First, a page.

lready one nation one election proposed by the government is receiving a lukewarm response. However, implementation will see that time and money will not be wasted. In the same way, we should think of amending political laws for the advantage of the nation. Two important amendments to the political laws of the country can help achieve stable governance, in a political system consisting of a State legislature, and decentralisation of authorities.
1. When a party is being elected by the people, the leader of the party should get the vote, not the individual member contesting in a particular constituency. Every individual member’s designation once a party is elected should be finalised by the party leader before the election, and the party leader cannot change his mind after a candidate contesting in that party has enrolled for the election.
The party with the absolute majority comes to administer the State in all the constituencies, and there needs to be no opponent party in the house. After the election, the leader should individually appoint his party members as finalised by him, without changing his mind, and he should also have the right to remove from office any member of that party, at any time, by proving the justified reason for this dismissal, such as misuse of authority, corrupt practises, and unethical or immoral behaviour.
This can only bring about a harmony between the party leader and the party members. Similarly, if the majority of the party members decide to remove from office a leader, or any member of the party, they can also do the same, provided they prove a justified reason to do the same, such as misuse of authority, corrupt practises, and unethical or immoral behaviour. The position of the absent administrator in the vacant seat can be filled through a by-election. If a leader expires, a nominee of the leader takes his place until the next election. Hence, there is a check and balance.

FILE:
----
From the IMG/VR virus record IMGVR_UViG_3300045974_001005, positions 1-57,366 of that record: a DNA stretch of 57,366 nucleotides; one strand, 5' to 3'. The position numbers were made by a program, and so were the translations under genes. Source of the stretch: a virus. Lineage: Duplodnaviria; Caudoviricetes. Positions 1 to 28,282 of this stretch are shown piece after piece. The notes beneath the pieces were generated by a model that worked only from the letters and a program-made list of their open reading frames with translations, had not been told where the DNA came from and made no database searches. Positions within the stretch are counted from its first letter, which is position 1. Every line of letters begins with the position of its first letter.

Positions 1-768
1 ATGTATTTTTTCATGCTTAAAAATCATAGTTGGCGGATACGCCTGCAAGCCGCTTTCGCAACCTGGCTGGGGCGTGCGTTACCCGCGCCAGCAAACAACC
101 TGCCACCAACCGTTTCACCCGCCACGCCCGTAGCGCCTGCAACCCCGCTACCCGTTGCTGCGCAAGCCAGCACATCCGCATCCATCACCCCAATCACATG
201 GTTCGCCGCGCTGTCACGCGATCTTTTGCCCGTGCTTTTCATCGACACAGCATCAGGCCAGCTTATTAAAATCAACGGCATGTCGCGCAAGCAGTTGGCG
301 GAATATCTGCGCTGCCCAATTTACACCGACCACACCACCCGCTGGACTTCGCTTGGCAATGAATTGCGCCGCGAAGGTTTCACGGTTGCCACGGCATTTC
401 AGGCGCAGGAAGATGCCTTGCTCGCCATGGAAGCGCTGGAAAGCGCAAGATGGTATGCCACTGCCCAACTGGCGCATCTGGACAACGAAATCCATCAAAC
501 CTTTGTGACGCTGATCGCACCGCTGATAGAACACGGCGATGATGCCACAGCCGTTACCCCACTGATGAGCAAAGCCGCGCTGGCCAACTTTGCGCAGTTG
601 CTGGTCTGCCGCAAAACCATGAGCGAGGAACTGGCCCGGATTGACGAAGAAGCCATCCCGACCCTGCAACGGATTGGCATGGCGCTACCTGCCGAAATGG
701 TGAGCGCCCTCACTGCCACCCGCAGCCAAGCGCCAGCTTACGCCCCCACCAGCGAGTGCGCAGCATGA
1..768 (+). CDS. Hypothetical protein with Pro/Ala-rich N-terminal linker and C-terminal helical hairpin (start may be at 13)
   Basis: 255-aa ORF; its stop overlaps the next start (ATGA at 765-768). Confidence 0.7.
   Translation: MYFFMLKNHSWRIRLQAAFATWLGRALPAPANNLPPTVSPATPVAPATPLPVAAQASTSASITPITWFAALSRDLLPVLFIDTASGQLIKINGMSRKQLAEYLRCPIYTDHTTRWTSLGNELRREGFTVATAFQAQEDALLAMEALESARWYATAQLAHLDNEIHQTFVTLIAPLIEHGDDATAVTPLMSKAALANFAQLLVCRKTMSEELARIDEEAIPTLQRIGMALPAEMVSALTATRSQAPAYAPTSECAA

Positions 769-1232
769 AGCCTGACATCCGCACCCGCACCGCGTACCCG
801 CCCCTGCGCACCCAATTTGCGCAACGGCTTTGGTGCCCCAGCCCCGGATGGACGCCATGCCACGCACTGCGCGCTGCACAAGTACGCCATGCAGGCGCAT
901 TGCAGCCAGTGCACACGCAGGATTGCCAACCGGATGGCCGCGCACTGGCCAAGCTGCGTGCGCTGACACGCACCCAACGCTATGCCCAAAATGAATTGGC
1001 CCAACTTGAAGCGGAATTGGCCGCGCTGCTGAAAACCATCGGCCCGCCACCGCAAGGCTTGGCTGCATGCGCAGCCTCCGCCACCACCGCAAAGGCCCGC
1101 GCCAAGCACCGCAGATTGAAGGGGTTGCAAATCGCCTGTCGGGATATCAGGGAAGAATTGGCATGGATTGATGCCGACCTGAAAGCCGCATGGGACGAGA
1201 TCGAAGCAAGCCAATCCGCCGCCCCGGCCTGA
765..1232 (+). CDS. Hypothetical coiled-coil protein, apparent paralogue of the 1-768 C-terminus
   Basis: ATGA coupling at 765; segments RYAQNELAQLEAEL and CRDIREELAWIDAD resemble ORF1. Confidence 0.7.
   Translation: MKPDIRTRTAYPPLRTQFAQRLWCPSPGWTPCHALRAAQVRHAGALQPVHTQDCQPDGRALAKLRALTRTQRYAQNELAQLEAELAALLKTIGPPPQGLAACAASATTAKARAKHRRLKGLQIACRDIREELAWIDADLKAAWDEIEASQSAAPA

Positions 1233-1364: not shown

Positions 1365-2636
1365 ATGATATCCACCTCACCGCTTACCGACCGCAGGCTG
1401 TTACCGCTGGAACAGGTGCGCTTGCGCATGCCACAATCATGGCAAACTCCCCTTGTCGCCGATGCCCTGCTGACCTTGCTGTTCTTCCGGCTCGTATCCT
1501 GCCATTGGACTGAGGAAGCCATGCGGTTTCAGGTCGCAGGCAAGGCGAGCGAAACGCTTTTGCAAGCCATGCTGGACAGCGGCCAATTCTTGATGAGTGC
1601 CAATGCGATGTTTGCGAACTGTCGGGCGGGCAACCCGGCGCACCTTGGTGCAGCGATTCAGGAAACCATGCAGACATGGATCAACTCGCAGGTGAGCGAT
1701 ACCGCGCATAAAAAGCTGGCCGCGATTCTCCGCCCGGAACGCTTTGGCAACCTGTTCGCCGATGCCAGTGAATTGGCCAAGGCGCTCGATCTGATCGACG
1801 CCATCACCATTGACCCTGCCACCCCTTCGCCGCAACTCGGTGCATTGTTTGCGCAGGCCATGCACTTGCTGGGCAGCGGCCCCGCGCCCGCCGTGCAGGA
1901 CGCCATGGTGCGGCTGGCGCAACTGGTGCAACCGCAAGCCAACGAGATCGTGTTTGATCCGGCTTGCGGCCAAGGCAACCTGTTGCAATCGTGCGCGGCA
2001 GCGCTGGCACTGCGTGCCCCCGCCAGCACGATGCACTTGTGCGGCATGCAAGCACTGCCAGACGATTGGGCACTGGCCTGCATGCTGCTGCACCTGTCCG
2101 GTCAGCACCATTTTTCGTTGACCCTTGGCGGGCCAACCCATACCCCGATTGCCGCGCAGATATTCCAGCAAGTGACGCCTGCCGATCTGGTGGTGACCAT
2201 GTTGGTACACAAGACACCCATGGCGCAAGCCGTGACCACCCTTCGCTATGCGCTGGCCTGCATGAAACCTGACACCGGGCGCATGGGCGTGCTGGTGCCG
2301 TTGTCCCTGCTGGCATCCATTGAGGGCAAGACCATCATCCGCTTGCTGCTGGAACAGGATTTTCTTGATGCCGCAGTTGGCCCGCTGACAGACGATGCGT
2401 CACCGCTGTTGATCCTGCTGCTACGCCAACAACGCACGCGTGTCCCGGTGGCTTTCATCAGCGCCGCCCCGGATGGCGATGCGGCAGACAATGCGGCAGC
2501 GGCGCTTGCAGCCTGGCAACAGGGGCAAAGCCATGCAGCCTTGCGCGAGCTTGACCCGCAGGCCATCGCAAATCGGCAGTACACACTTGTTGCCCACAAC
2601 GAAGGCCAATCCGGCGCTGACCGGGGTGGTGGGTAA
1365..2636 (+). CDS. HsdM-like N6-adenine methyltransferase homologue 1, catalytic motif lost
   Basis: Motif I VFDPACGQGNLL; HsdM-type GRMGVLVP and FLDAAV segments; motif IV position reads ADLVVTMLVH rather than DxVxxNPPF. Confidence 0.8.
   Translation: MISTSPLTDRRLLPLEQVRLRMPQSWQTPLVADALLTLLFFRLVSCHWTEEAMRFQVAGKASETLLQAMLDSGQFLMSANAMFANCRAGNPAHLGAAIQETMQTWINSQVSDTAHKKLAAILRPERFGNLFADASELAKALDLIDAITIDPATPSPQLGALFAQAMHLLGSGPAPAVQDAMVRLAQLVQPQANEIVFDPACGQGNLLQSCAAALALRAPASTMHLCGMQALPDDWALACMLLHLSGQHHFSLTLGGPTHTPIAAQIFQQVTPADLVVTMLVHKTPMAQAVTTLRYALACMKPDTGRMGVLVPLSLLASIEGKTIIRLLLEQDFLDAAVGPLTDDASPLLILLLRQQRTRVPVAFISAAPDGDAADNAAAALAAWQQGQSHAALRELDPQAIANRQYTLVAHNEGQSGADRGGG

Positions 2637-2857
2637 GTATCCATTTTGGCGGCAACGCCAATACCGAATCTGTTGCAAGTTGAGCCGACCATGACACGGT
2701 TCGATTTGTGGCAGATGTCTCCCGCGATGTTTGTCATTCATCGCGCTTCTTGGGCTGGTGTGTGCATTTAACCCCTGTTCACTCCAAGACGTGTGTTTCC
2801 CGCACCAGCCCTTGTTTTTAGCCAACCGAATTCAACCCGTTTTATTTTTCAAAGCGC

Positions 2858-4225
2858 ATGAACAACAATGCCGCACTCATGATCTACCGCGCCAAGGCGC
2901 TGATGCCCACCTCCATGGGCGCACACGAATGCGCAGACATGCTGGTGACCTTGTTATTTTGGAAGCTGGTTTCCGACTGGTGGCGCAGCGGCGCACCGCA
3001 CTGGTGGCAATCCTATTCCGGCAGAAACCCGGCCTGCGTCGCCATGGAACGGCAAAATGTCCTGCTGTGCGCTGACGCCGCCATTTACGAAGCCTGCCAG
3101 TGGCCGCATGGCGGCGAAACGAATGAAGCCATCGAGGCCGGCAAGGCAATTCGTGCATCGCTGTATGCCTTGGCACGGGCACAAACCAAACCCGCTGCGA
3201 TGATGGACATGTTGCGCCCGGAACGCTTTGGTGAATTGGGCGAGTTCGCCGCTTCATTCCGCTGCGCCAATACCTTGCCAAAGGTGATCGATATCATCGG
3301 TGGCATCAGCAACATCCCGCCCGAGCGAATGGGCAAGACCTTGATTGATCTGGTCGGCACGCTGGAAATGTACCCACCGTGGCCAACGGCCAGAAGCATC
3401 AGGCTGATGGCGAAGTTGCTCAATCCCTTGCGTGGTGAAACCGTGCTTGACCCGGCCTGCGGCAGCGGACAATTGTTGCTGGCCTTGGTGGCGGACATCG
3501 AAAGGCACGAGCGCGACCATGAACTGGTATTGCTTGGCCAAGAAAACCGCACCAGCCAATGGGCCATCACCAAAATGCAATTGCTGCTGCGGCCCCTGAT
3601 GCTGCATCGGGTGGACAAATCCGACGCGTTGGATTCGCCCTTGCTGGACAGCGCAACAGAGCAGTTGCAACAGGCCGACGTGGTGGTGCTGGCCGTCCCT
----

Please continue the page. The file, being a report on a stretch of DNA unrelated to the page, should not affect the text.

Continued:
2. Then one may wonder in a democracy, how can independent parties and the common man contest in an election, if party members are not individually allowed to change parties to form a coalition government? Yes, a coalition government can be formed, but the majority of both the coalition parties have to concur to this decision, not just the individual elected members, to do the same, and the leader with the absolute majority appoints the elected member from the coalition party.
This member from the coalition party should have the entitlement to take the seat of the representative who would have otherwise come to office from the winning party. Remember, this member from the coalition party cannot be removed from office without justified grounds, even if the majority of the ruling house desires so.
The difference in this set up is that, as both the opponent parties have become one, there is no separate opponent party in the ministry. The leader has the right to remove from office any of the elected members, provided it is justified with proof, and so can the majority of the ruling house do the same to the leader, provided it is justified with proof.
It is time to have better governance and for which some structural changes are the need of the hour.
(The views expressed by the author in the article are his/her own.)